MPM is a label-free imaging technique capable of visualizing tissue at the cellular level, with several advantages for live imaging compared to standard single-photon techniques, such as light microscopy and confocal microscopy2. MPM uses multiple-photon excitation, wherein the sample is excited by two or more photons of the same wavelength. These photons must be nearly simultaneously incident at the same volume of the tissue to produce fluorescence, resulting in high resolution in all three spatial dimensions. To deliver the same amount of energy as in light microscopy, incident light must be 2× or 3× the wavelength, which is usual in the case of two- and three-photon excitation, respectively (Figure 2a).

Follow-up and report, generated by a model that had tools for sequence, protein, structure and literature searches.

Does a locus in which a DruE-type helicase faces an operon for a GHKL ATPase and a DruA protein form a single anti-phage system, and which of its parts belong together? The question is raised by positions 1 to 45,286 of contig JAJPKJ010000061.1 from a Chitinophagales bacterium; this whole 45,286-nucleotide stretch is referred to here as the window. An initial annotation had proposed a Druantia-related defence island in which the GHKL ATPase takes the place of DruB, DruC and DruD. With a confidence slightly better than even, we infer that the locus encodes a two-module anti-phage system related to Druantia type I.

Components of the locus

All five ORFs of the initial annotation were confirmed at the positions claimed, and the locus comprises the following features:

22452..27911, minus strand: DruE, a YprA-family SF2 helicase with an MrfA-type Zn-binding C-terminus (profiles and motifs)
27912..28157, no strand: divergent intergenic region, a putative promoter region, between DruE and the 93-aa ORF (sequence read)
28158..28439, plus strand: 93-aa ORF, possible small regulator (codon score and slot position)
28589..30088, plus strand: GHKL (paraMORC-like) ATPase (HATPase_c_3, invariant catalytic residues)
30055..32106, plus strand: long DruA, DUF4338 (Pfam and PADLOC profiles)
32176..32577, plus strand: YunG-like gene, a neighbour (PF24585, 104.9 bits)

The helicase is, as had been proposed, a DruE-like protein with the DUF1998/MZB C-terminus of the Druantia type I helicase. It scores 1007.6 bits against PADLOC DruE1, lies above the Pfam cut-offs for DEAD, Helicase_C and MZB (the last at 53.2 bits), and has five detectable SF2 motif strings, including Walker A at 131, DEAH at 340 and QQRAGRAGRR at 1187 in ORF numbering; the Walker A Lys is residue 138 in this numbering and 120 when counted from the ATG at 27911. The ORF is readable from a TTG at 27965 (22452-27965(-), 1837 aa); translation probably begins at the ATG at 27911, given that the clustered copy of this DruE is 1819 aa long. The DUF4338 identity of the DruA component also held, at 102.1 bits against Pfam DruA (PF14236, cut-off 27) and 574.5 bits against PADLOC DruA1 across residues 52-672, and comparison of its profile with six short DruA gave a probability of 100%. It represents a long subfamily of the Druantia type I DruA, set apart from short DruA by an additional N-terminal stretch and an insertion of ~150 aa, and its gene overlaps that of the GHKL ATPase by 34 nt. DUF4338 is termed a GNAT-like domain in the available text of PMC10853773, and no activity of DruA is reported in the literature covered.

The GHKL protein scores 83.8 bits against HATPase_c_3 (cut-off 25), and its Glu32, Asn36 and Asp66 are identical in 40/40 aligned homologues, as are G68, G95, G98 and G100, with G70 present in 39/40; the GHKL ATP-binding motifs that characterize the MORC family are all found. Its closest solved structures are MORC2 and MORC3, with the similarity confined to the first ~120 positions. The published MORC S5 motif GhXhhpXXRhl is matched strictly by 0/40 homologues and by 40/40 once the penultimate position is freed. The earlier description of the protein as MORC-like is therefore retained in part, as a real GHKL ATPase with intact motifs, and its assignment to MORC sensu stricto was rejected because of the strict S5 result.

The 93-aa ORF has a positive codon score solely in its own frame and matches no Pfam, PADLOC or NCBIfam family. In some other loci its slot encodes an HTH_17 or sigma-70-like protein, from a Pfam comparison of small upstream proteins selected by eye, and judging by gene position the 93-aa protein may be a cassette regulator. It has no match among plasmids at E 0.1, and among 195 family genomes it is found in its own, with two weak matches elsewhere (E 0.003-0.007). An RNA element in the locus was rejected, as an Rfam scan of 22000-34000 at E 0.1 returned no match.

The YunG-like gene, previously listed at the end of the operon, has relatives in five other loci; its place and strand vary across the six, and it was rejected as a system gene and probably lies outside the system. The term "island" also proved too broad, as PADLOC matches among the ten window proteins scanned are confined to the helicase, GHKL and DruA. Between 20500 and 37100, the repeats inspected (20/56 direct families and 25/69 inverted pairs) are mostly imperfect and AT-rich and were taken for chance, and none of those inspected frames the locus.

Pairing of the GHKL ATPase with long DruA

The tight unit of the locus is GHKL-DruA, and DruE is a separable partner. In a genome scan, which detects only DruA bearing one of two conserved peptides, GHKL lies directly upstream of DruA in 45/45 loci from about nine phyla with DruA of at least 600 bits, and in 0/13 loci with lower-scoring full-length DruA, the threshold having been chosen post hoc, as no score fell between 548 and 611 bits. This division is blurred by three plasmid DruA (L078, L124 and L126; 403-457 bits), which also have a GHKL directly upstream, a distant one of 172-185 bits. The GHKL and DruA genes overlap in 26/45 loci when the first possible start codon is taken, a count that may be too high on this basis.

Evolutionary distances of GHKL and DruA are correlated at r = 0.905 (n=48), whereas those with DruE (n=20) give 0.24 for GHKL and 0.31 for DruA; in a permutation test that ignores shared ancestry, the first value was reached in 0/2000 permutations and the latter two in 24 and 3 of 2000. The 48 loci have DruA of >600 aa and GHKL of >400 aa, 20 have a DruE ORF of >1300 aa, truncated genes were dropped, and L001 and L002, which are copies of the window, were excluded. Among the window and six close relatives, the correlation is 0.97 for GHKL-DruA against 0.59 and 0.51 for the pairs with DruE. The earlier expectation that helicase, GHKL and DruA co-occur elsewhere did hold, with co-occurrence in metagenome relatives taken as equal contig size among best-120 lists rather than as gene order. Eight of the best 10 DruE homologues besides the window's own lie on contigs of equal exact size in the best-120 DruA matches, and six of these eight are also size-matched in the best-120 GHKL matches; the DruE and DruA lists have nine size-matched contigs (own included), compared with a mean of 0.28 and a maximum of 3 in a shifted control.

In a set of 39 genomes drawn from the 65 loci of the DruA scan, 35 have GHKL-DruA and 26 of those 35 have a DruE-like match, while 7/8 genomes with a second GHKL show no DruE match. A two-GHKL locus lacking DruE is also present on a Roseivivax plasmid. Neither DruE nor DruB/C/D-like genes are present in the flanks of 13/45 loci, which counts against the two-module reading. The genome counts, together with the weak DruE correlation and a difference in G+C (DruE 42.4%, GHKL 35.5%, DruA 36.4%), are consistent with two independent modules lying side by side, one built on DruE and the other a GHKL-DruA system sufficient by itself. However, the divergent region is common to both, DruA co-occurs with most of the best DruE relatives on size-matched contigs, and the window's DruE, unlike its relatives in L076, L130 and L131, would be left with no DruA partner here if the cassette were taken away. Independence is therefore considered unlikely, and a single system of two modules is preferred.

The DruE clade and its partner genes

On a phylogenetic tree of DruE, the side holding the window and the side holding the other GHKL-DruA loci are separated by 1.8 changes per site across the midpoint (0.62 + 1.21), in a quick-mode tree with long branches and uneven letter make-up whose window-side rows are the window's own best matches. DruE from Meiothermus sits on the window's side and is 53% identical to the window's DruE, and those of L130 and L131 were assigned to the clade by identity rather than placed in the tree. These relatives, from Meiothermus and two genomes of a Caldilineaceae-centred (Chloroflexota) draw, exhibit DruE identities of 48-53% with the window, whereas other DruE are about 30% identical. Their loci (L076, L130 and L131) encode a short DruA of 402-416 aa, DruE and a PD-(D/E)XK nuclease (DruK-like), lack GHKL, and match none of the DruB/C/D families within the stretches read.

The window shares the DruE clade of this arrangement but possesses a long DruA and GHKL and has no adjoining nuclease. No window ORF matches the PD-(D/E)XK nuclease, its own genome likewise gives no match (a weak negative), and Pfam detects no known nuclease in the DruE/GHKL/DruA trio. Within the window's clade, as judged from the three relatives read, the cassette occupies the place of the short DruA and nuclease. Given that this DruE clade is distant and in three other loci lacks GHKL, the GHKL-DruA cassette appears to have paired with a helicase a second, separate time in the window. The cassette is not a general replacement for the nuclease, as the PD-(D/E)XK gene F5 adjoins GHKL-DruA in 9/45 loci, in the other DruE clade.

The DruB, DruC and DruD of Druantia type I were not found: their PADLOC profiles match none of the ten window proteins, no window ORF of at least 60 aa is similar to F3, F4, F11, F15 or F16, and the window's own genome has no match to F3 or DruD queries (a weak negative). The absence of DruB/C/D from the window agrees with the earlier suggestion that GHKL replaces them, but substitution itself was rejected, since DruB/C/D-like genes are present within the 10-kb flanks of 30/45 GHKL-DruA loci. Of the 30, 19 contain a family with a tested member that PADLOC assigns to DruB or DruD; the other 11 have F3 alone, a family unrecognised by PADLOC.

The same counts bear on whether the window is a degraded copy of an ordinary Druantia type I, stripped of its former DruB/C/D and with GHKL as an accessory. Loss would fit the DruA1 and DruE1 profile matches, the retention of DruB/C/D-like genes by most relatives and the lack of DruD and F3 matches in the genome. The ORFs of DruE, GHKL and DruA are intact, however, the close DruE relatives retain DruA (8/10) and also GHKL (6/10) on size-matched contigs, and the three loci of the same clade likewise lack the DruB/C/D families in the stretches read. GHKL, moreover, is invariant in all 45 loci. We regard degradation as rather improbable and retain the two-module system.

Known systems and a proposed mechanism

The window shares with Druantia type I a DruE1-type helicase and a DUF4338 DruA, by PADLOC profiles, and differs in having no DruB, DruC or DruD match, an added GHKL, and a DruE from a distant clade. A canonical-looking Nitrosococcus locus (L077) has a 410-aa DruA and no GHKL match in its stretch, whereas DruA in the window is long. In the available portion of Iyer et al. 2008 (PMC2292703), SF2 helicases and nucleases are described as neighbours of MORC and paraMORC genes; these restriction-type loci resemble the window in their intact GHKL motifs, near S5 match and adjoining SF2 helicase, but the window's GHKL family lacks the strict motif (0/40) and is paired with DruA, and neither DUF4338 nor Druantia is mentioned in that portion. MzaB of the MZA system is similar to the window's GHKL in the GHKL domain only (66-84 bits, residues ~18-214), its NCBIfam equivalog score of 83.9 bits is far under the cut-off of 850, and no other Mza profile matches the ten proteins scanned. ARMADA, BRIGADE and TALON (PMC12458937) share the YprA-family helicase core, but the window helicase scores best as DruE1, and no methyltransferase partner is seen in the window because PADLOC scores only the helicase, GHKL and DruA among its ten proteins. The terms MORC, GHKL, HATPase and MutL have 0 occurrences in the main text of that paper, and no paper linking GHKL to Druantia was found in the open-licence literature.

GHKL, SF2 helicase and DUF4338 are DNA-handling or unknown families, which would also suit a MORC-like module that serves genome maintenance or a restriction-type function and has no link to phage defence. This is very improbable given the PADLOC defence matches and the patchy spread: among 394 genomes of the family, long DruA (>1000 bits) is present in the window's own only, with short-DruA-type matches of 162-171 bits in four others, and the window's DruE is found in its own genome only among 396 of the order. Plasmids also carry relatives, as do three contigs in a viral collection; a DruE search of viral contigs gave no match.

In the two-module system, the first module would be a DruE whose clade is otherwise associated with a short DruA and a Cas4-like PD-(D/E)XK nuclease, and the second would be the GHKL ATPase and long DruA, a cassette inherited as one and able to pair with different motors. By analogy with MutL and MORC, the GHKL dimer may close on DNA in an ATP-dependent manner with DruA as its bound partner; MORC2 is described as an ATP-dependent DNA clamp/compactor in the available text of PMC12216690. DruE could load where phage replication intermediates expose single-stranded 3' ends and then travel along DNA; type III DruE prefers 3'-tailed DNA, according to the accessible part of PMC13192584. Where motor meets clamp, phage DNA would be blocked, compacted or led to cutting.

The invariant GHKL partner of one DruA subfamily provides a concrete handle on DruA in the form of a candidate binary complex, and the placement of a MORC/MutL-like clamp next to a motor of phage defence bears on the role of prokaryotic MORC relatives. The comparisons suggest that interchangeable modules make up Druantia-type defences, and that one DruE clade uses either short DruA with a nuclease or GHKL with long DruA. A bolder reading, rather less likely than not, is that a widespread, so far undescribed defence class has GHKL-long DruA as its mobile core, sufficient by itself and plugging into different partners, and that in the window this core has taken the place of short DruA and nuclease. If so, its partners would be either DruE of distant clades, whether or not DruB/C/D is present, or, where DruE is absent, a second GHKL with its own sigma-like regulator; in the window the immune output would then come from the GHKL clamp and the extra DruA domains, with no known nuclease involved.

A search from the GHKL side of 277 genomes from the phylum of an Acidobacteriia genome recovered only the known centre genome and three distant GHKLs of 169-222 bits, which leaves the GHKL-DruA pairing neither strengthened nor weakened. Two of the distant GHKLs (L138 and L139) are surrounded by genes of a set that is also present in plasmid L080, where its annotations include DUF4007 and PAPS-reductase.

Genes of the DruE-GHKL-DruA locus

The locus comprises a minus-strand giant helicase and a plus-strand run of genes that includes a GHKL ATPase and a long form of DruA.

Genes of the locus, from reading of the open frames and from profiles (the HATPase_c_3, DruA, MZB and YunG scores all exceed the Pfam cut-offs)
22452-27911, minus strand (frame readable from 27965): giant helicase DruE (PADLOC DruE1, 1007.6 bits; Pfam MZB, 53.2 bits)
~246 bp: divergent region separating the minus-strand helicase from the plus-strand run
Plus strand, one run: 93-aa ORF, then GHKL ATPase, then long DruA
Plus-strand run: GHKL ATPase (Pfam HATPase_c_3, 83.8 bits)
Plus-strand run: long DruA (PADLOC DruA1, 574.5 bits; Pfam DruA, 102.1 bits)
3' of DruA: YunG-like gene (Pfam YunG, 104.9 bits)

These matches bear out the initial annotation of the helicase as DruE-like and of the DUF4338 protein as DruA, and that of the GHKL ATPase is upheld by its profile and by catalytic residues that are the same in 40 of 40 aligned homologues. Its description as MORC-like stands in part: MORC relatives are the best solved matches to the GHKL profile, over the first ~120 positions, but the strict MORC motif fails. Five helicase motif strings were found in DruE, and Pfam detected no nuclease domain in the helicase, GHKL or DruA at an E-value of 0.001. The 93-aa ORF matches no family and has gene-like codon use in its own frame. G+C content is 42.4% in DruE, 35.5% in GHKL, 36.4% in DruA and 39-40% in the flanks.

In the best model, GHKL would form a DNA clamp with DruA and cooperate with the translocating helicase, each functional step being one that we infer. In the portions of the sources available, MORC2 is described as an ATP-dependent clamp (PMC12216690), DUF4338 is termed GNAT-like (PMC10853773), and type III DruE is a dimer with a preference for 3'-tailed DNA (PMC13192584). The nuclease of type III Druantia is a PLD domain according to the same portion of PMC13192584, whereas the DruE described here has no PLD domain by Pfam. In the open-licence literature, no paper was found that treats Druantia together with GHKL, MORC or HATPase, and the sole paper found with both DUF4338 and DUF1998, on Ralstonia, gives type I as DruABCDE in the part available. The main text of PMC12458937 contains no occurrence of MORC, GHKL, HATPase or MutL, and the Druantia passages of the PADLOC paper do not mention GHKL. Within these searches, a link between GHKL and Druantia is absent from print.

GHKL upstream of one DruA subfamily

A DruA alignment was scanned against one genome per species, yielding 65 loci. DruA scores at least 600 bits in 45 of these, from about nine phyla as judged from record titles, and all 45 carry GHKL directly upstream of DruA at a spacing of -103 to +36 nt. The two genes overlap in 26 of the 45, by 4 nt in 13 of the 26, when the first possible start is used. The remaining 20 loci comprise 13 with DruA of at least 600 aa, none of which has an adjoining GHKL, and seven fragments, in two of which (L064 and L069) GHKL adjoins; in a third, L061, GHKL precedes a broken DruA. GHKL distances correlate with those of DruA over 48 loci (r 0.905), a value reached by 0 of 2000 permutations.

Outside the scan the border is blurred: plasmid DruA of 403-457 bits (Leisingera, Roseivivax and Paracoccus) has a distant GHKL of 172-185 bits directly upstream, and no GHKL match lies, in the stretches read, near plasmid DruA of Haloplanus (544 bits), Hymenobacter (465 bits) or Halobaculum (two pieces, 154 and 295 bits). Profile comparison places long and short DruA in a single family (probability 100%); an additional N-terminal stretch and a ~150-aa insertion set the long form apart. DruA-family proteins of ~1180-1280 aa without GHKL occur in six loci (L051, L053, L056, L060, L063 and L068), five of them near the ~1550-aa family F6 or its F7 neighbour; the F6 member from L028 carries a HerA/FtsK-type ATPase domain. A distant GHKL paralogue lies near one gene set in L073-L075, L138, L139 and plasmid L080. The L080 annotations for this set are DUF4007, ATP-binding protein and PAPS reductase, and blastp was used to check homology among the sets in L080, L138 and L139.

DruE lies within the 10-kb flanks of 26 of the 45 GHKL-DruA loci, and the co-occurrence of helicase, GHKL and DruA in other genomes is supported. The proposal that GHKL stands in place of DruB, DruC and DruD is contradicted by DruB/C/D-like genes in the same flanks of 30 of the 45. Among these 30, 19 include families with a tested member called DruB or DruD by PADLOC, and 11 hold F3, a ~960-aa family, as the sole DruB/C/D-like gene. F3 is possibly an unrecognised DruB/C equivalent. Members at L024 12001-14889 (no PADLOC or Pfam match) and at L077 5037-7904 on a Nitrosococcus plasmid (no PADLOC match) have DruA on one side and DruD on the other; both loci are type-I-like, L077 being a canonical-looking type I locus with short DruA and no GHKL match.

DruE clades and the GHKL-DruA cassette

Consequently, MPM uses long, near-infrared wavelengths, which have greater penetration depth in tissue and cause less photodamage than visible light. Because of these characteristics, MPM has gained popularity within the last several decades as a noninvasive, high-resolution imaging modality in biomedical fields, including oncology, immunology, neuroscience, and cardiovascular studies. And MPM may soon provide vital life-saving detail in the intraoperative margin definition of pancreatic cancer.

To apply MPM for intraoperative margin definition of pancreatic cancer, the authors’ team focused on collecting three wavelength-resolved imaging channels, which were selected to probe two endogenous fluorophores and second harmonic generation (SHG), a nonfluorescent nonlinear optical response related to molecular structure and polarization predominantly produced by collagen. The two fluorophores targeted were nicotinamide adenine dinucleotide and hydrogen (NADH) and lipofuscin3. NADH is connected to cellular metabolic processes, and lipofuscin has been associated with cellular senescence. These autofluorescent molecules and SHG represent avenues to probe dysregulation on a cellular and structural level as a result of cancer.